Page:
So lovely weather has at last descended on the capital, but with a hectic week full of interviews and assessment days, I wasn’t able to properly enjoy it. Yesterday I had my first day off, from work or interview preparation, in what feels like weeks. Shame, then, that I had to go and ruin it by announcing to the world that I was freely available for catcalls, comments, and general creepdom.
Yes, chaps, I decided not to wear tights. I had the audacity to walk round London bare-legged (from the knee-cap down, no less) and then react with outrage (and perhaps more naively, surprise) at the sudden increase of unwanted attention on the London streets.
I hope the sarcasm has become self evident now, because to be honest, it totally ruined my day. It’s been quite a long time since I’ve had to put up with the kind of treatment I despair of daily on The Everyday Sexism Project, but it seems that, by shedding my winter uniform of thick black tights, my parole officially ended yesterday.
My encounters ranged from the irritating but manageable (a car horn, a couple of catcalls from passing vans) to the genuinely scary. At one point, a guy followed me down the street making weird comments and trying to engage me in conversation. When I tried to dodge him by ducking into a women’s clothes shop, he followed me in and browsed beside me, continually offering to buy me things. On another occasion a clearly drunk guy passed me on the entrance to the underpass, then turned around and followed me back into the tunnel, whispering “compliments” about the 30cm of bare leg on show, and crudely speculating “how far they go”. I only didn’t run because I didn’t want to prompt a chase.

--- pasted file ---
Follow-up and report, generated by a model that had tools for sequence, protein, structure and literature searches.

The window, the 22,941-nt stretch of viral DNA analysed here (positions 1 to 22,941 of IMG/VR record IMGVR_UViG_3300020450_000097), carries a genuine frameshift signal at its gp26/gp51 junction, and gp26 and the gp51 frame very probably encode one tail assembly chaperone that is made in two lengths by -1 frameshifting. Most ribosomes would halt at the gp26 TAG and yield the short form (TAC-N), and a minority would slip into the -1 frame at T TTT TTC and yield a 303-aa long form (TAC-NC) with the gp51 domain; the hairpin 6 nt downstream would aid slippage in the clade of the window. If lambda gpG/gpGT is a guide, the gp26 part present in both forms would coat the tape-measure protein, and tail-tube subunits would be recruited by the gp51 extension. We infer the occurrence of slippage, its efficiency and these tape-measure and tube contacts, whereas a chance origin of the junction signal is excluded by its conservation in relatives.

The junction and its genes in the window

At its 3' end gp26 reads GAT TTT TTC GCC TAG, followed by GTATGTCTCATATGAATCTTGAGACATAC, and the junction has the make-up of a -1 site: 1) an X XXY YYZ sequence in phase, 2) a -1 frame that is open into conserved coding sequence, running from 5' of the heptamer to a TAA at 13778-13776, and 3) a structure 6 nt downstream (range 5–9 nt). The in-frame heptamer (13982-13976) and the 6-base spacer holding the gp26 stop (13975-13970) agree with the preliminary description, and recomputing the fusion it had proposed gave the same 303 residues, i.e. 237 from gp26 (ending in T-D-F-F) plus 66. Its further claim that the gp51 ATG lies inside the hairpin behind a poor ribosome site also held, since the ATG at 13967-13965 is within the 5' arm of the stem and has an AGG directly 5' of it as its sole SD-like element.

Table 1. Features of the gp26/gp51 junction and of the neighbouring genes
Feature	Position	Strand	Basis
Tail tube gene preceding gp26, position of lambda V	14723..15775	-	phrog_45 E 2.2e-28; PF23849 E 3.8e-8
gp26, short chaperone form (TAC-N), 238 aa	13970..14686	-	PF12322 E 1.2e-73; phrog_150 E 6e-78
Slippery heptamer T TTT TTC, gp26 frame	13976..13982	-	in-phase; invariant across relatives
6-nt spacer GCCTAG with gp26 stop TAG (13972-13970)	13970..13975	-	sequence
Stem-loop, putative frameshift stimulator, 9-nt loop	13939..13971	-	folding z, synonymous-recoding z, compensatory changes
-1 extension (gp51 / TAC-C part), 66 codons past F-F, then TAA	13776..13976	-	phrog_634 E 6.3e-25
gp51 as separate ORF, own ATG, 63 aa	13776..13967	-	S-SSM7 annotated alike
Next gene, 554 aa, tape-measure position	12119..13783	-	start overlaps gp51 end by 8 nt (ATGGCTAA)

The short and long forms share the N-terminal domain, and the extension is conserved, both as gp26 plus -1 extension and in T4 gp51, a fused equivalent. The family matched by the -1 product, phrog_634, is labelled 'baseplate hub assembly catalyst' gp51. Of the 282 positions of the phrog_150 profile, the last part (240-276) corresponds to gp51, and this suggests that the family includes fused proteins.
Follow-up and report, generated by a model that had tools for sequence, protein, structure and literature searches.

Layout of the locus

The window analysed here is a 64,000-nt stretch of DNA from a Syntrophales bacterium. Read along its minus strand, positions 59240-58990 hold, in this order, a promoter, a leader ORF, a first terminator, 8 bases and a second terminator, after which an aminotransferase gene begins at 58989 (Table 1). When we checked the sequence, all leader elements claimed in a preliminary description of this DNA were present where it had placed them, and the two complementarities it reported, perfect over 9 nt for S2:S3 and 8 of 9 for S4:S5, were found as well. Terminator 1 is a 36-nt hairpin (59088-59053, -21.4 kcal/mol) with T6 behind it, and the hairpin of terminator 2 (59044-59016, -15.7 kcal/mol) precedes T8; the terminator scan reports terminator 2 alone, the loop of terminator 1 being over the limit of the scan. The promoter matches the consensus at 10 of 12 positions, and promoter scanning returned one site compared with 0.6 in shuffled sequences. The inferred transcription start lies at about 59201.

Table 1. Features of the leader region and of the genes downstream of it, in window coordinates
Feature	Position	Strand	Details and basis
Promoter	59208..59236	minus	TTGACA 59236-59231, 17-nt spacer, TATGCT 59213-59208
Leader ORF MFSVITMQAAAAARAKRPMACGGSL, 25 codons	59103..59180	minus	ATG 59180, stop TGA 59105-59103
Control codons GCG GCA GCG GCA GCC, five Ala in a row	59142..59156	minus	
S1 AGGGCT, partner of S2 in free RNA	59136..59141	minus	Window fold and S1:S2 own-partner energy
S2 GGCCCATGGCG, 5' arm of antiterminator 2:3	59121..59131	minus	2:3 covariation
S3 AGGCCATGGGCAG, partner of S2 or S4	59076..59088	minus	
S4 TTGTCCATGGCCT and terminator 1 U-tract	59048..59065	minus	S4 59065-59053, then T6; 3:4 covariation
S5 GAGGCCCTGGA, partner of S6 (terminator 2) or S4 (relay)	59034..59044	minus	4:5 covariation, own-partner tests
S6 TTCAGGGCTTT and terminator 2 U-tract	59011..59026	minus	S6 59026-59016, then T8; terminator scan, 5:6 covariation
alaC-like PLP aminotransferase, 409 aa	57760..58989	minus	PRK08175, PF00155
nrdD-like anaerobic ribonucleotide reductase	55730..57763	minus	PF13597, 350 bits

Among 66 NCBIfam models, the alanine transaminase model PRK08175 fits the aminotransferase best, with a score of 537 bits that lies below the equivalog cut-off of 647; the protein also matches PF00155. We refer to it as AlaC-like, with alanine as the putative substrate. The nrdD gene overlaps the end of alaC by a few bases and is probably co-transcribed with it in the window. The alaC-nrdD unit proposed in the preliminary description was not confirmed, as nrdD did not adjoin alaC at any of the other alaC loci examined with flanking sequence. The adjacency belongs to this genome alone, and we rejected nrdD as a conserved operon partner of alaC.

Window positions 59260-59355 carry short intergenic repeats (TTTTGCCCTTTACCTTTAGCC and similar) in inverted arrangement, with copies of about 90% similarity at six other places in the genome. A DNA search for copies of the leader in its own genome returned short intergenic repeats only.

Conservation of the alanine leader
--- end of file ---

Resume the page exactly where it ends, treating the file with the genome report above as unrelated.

So that kind of sucked, but it wasn’t what ruined my day. What ruined my day was looking back and wishing I’d acted differently; I wish I hadn’t given in to fear by responding politely, I wish I’d had the guts to tell these men to piss off and leave me alone, that I’m not a piece of meat to be appraised and bargained over, and that I can wear my legs bare if I damn well please.
I especially wish that this had been the way I ended my two more creepy encounters. I’d have loved to send them away with their tails between their legs and feminist fury in their ears. Instead, I had to resort to that age old adage “I have a boyfriend”.
Yep, it wasn’t my resolute ignoring of the guy in the underpass, nor the five minutes of saying “no thank you” and goodbye” to the man in the shop, which finally got them to leave me alone. It was my positive response to the question “Does another man have a claim to you?” that bought me my peace. How sad is that? A guy shouldn’t leave you alone solely because he’s realised he’s treading on another man’s territory; he should leave you alone as soon as you make it clear, on your own account, that you want him to. I’d like to manage my own border control, thanks.
Next time, and with the warm weather approaching, it’s all too certain that there will be a next time, I’m not going to answer that kind of question in the affirmative. As long as it’s safe to do so, I’m promising myself to make it clear exactly why how they’re behaving is wrong, and why I, and not a totally absent and irrelevant boyfriend, should be allowed to call the shots on who I interact with and how.
So, summer-time disclaimer, here is what my bare legs are saying: it’s hot today. End of.